:: Sebadoh :: Fox Theatre :: March 17 ::
By Tim Dwenger
In late 2006, Lou Barlow, prolific musician and founding member of several influential bands including Dinosaur Jr., announced the reunion of the original line-up of Sebadoh. To truly understand the significance of the reunion of the original line-up, it is critical to understand something about the history of this seminal indie-rock band.
The project rose out of the ashes of the original Dinosaur Jr. in 1989, when bassist Lou Barlow was plucked from the brink of depression by experimental recording partner Eric Gaffney. “I was sorta heartbroken, having been just kicked out of Dinosaur and he was like, ‘Fuck it, let’s just do this, I know this kid who plays drums and he’s awesome, I’m gonna bring him down,’” said Barlow in a recent interview with The Marquee. “Turns out he was pretty awesome and we ended up getting the band together really quickly.”
The other “kid” that Gaffney had brought down to the practice space was Jason Lowenstein, a brilliant musician who turned out, over time, to be more of Barlow’s musical partner in life than Gaffney. “When things finally came together with Sebadoh all I wanted to do was tour, constantly. I knew it was critical to our success, having done it once already with Dinosaur. Unfortunately, Eric simply wasn’t comfortable touring and he ended up taking more of a Brian Wilson role in the band. In the end we couldn’t really abide by that so he left the band,” Barlow said.
Gaffney wasn’t the only one in the band that seemed a bit unbalanced at the time. Barlow himself was on his way to developing a reputation for freaking out on stage. “It wasn’t like the longer the tour was the more I’d freak out. You could catch a freak-out within the first week of a tour depending on what happened that day,” admitted Barlow. “I played a show at the Fox in Boulder years ago and we went to this place beforehand and it was like ‘woohoo, free Margaritas.’ Anyway, I drank way too many, they were way too strong, and tequila has a way of obliterating all sorts of technical know-how and coordination for me. I was basically incapacitated and had a meltdown on stage because I was too drunk.”
Sure, there were other Barlow freak-outs over the years, but they eventually took a back seat to the music as the band began to veer toward the mainstream. “When Eric quit the band he took a huge chunk of the band’s sound and personality with him and we felt we really had to go in another direction,” Barlow said. “I had recently rediscovered playing guitar in a standard tuning and all these songs just exploded from me in about two years. I actually ended up writing some pretty good pop songs. When I look back on it now it really looks like a streamlining of the sound but it was something new to me at that point.”
That streamlining of Sebadoh’s sound is what brought them their biggest success. With the release of Bakesale in 1994, mainstream music fans began to get wind of Barlow and his band. Songs like “Got It” and “Skull” received massive attention, revealed the softer side of the band and demonstrated to the world that Lou Barlow was much more than an indie-rock noise maker.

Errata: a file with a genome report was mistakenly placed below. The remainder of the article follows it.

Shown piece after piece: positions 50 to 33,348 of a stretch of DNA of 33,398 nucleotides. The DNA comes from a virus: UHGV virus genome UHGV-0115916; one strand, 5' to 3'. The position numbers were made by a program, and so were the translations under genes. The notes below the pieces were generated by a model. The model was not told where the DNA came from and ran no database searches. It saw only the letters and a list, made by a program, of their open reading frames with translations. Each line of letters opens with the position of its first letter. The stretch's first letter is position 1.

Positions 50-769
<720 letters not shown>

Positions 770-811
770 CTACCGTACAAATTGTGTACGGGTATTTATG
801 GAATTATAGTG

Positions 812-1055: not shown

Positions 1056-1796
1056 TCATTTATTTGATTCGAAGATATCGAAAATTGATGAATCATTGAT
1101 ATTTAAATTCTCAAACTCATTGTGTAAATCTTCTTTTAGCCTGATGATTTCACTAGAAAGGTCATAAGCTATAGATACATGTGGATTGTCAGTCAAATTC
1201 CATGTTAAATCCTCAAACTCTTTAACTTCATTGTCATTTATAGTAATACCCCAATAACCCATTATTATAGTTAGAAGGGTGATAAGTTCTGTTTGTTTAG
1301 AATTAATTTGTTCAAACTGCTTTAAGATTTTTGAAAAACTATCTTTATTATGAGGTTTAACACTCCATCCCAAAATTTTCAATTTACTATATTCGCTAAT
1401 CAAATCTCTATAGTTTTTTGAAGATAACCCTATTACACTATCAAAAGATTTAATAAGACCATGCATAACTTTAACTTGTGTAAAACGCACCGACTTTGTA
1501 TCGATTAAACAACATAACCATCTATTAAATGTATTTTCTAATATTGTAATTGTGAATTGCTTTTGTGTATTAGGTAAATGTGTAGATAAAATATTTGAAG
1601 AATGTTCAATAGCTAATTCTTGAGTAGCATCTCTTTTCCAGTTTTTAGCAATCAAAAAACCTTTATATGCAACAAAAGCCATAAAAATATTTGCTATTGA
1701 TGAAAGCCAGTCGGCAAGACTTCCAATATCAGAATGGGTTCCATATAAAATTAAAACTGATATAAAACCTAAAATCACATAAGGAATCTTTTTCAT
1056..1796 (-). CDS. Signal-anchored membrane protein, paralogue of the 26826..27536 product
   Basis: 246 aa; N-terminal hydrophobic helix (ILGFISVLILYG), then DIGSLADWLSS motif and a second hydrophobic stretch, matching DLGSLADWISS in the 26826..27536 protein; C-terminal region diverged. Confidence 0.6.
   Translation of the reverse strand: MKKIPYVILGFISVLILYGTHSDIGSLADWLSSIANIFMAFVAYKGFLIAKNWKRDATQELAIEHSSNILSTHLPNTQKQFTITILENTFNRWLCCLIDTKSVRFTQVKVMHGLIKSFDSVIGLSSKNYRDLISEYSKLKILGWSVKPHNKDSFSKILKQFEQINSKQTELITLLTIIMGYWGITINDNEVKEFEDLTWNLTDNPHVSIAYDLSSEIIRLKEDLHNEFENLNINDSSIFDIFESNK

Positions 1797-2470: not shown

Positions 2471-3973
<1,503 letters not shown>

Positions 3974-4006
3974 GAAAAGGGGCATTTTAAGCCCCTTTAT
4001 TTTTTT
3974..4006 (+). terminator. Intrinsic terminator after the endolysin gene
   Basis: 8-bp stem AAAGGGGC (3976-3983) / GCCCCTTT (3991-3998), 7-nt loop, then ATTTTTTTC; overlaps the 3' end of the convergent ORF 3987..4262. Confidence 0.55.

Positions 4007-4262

Riding that wave of success, Sebadoh carried on strong throughout the ’90s, before going on hiatus in 2000 so Barlow could concentrate on his side project, Folk Implosion. Barlow and Lowenstein have staged a couple of Sebadoh tours since 2000 but it wasn’t until late last year that Eric Gaffney agreed to return to the fold.
“I had been locked in an e-mail war with Eric for about four years, hashing out the details of the Sebadoh III re-issue and other things. We used to write really long letters back and forth and now with the advent of e-mail is just so much quicker,” Barlow laughed. “We just work well in writing. It took us four years on e-mail, so on paper it probably would have never happened.”
The week before Thanksgiving of last year, Sebadoh got together in an L.A. practice space and after just one week Barlow felt the chemistry falling back into place. “It’s kinda funny because it just immediately makes sense. The three of us hadn’t actually been in a room together in, God knows, 15 years? And when we all started playing we realized that, musically, we haven’t really changed. We still play in the same style that we used to and we tap into each other really quickly, it is just a good feeling,” said Barlow.
While the music still flows organically, the band has matured and has strayed from their adolescent ways. “It’s a little different than drinkin’ a bunch of beer, trollin’ around for a diner or trying to score weed, living that life that you lead when you are in your early twenties. These days, we practice for a while and have a really good time and then we come back to my house and my baby’s here and we all sit down and have a nice dinner.”
In many ways, the fits and starts of the Sebadoh story reflect the maturation process of its members. Barlow skirts around the issue of whether or not everyone in the band has matured to the same point and breaks into laughter when asked if there is still one guy in the band who is tied to some of the vestiges of his early 20’s lifestyle. For the time being, a chuckled “we’ll see” is all he is prepared to reveal, but he is quick to admit that, “This never could have happened unless all that time had passed.”
:: Sebadoh ::
:: Fox Theatre :: March 17 ::
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